Science & Society #7 – Why dose matters
Think of your favorite food. What if you could eat only that food for every meal, every day, for the next year? What do you think would happen? In addition to (probably) getting tired of it, you would likely also not be as healthy as you are today – even if your favorite food is salad. Your health would be affected because no single food has all of the nutrients that your body needs. In this scenario, you would suffer the effects of a lack of certain vitamins or minerals needed for the various systems in your body to function properly.
The reverse can also happen. Meaning, people can get sick if they consume too much of some nutrients. Megavitamins are a good example of this. People are often under the impression that taking high doses of vitamins can only help them. But, research has shown this is not the case. For example, too much vitamin E increases a person’s risk of getting cancer. The same has been found for certain other vitamins as well. In this scenario, the suffering results from doses of certain vitamins that are too high.
So, if too little of something is bad and too much of something is bad, what do we do? It is important to realize that the dose matters. We discussed examples related to foods, but the same can be said for medications, chemicals in the environment – even water. Unfortunately, when people do not consider the importance of the dose, they can make ill-informed decisions. Concerns about the amount of aluminum, formaldehyde or mercury in vaccines, fluoride in water and toothpaste, and sulfates in shampoos have all led people to be scared of products intended to help them. And, while choosing a different shampoo is not likely to affect a person’s health, forgoing a vaccination might.1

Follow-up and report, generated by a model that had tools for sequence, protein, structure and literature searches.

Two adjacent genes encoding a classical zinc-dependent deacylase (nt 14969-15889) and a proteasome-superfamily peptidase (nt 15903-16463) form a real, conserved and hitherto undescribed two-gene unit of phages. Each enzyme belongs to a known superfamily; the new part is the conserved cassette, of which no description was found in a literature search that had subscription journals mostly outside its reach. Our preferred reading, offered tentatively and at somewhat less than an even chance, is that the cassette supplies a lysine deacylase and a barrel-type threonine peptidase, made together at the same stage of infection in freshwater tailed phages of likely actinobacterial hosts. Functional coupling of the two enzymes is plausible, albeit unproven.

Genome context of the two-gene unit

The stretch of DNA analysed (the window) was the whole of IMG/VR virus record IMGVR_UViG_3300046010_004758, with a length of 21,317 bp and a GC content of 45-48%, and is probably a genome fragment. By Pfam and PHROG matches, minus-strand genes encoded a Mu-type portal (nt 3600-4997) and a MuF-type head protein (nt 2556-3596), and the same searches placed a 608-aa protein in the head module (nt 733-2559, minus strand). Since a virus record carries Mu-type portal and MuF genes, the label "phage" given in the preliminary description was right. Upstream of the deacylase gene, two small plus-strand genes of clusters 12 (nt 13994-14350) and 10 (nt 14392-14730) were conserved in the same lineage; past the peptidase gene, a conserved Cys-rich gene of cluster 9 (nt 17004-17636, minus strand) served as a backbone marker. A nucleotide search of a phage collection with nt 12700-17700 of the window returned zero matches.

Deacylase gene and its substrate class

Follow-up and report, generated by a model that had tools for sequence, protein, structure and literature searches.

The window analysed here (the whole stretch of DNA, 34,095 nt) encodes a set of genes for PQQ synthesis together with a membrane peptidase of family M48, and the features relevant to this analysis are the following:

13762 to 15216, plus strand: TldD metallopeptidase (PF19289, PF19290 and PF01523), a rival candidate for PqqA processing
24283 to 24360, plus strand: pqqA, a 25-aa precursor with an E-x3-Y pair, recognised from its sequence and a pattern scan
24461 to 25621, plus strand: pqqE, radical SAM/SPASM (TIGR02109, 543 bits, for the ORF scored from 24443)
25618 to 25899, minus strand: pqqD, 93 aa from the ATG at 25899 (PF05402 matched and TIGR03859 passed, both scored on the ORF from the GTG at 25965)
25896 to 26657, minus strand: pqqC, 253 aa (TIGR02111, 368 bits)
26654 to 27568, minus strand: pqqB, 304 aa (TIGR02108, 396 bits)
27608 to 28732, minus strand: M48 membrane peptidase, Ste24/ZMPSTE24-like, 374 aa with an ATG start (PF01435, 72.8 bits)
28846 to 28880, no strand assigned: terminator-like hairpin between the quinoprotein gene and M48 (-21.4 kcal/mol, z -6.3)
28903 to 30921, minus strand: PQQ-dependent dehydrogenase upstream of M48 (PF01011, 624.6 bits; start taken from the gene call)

In the case of vitamins, people take large doses that may harm them without realizing it. In the case of vaccines, people forgo a life-saving product because of unfounded concerns about their exposure to certain chemicals. Why do you think people fail to consider the importance of the dose, and how do you think scientists can better prepare the public to evaluate dose when making decisions?
1To find out more about this topic, check out Chapter 7, Nobel Prize Disease, of Pandora’s Lab: Seven Stories of Science Gone Wrong, by Paul A. Offit, MD.
About the series:
The Science & Society discussion series is based on the book, Pandora’s Lab: Seven Stories of Science Gone Wrong, by Dr. Paul Offit, Director of the Vaccine Education Center at Children’s Hospital of Philadelphia. We understand that teachers are using this book in high school classrooms, so in an effort to continue providing classroom resources, we developed this series to provide short reading passages that will leave students with questions to further explore in classroom discussions or specific projects. By presenting scientific ideas representing two sides of an issue, students will have the opportunity to consider how science fits into society from political, ethical, and legal points of view.